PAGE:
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for integer valued rv’s, but if one transform can be evaluated, the other can be found
immediately. Finally, if we use −s, viewed as a complex variable, in place of r, we get the
two sided Laplace transform of the density of the random variable. Note that for all of
these transforms, multiplication in the transform domain corresponds to convolution of the
distribution functions or densities, and summation of independent rv’s. It is the simplicity
of taking products of transforms that make transforms so useful in probability theory. We
will use transforms sparingly here, since, along with simplifying computational work, they
sometimes obscure underlying probabilistic insights. 1.4 The laws of large numbers The laws of large numbers are a collection of results in probability theory that describe
the behavior of the arithmetic averageP n rv’s for large n. For any n rv’s, X1 , . . . , Xn ,
of
the arithmetic average is the rv (1/n) n Xi . Since in any outcome of the experiment,
i=1
the sample value of this rv is the arithmetic average of the sample values of X1 , . . . , Xn ,
this random variable is called the sample average. If X1 , . . . , Xn are viewed as successive
variables in time, this sample average is called the timeaverage. Under fairly general 26 CHAPTER 1. INTRODUCTION AND REVIEW OF PROBABILITY assumptions, the standard deviation of the sample average goes to 0 with increasing n, and,
in various ways, depending on the assumptions, the sample average approaches the mean.
These results are central to the study of stochastic processes because they allow us to relate
timeaverages (i.e., the average over time of individual sample paths) to ensembleaverages
(i.e., the mean of the value of the process at a given time). In this and the next section, we
discuss two of these results, the weak and the strong law of large numbers for independent
identically distributed rv’s. The strong law requires considerable patience to understand,
but it is a basic and useful result in studying stochastic processes. We start with some basic
inequalities which are useful in their own right and which lead us directly to the weak law
of large numbers. 1.4.1 Basic inequalities Inequalities play an unusually important role in probability theory, perhaps since so much
of the theory is based on mathematical analysis, or perhaps because many of the problems
are so complex that that important quantities can not be evaluated exactly, but can only be
bounded. One of the simplest and most basic of these inequalities is the Markov inequality,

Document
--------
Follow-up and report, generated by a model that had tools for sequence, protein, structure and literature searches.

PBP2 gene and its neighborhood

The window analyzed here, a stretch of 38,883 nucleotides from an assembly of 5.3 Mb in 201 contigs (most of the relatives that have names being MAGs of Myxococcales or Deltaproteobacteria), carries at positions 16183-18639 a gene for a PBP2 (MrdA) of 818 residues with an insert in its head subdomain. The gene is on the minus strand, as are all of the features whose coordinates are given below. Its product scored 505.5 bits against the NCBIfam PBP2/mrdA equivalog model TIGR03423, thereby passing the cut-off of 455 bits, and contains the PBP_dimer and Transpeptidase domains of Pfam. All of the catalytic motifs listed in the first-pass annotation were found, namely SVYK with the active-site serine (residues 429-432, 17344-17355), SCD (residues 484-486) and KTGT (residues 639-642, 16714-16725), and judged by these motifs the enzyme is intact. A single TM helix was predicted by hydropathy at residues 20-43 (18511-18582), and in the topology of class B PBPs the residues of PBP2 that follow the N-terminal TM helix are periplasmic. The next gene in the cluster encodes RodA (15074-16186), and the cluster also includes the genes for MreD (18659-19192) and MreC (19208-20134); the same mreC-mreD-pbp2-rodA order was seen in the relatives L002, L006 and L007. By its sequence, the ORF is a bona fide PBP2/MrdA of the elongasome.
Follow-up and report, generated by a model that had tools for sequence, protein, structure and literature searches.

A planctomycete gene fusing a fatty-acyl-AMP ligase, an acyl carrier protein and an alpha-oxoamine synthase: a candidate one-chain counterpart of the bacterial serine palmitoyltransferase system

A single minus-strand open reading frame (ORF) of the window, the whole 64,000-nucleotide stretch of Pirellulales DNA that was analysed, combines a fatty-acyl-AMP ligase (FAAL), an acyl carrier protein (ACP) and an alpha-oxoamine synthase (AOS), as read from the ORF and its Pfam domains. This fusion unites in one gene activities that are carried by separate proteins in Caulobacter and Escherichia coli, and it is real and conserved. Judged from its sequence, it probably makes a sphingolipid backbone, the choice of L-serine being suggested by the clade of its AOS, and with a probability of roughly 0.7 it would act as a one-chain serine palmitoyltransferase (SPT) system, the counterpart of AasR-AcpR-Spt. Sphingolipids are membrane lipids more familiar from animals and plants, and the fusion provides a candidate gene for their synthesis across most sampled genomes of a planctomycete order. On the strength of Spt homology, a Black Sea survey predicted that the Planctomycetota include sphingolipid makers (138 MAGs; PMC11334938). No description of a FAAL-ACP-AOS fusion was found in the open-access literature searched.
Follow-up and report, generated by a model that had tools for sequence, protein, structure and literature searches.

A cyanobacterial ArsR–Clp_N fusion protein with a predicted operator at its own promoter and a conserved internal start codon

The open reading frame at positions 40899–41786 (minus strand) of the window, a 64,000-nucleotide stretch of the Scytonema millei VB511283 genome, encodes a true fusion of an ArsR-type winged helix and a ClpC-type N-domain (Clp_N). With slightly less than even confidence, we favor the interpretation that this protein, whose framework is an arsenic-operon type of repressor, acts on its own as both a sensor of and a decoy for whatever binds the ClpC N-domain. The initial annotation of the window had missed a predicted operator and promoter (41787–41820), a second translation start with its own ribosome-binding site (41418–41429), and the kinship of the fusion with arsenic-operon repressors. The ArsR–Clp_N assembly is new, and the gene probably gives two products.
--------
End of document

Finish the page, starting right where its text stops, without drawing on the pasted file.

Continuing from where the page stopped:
which states that if a nonnegative random variable Y has a mean E [Y ], then the probability
that Y exceeds any given number y satisﬁes
Pr {Y ≥ y } ≤ E [Y ]
y Markov Inequality. (1.42) Figure 1.7 derives this result using the fact (see Figure 1.3) that the mean of a nonnegative
rv is the integral of its complementary distribution function, i.e., of the area under the curve
Pr {Y > z }. Exercise 1.8 gives another simple proof using an indicator random variable.
Area under curve = E [Y ]
✟✟❅
✙
✟
❅
❄ ❅Pr {Y ≥ y }
❘
❅
Area = y Pr {Y ≥ y }
y Figure 1.7: Demonstration that y Pr {Y ≥ y } ≤ E [Y ].
As an example of this inequality, assume that the average height of a population of people
is 1.6 meters. Then the Markov inequality states that at most half of the population have a
height exceeding 3.2 meters. We see from this example that the Markov inequality is often
very weak. However, for any y > 0, we can consider a rv that takes on the value y with
probability ≤ and the value 0 with probability 1 − ≤; this rv satisﬁes the Markov inequality
at the point y with equality. Another application of Figure 1.7 is the observation that,
for any given nonnegative rv Y with ﬁnite mean, (i.e., with ﬁnite area under the curve 1.4. THE LAWS OF LARGE NUMBERS 27 Pr {Y ≥ y }),
lim y Pr {Y ≥ y } = 0. y →1 (1.43) This is explained more fully by Exercise 1.31 and will be useful shortly in the proof of
Theorem 1.3.
We now use the Markov inequality to establish the probably better known Chebyshev
2
inequality. Let Z be an arbitrary rv with ﬁnite mean E [Z ] and ﬁnite variance σZ , and
2 . Thus E [Y ] = σ 2 . Applying (1.42),
deﬁne Y as the nonnegative rv Y = (Z − E [Z ])
Z
©
™ σ2
Pr (Z − E [Z ])2 ≥ y ≤ Z .
y Replacing y with ≤2 (for any ≤ > 0) and noting that the event {(Z − E [Z ])2 ≥ ≤2 } is the
same as Z − E [Z ]  ≥ ≤, this becomes
Pr {Z − E [Z ]  ≥ ≤} ≤ 2
σZ
≤2 (Chebyshev inequality). (1.44) Note that the Markov inequality bounds just the upper tail of the distribution function and
applies only to nonnegative rv’s, whereas the Chebyshev inequality bounds both tails of
the distribution function. The more important diﬀerence, however, is that the Chebyshev
bound goes to zero inversely with the square of the distance from the mean, whereas the
Markov bound goes to zero inversely with the distance from 0 (and thus asymptoticall...
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 Spring '09
 R.Srikant

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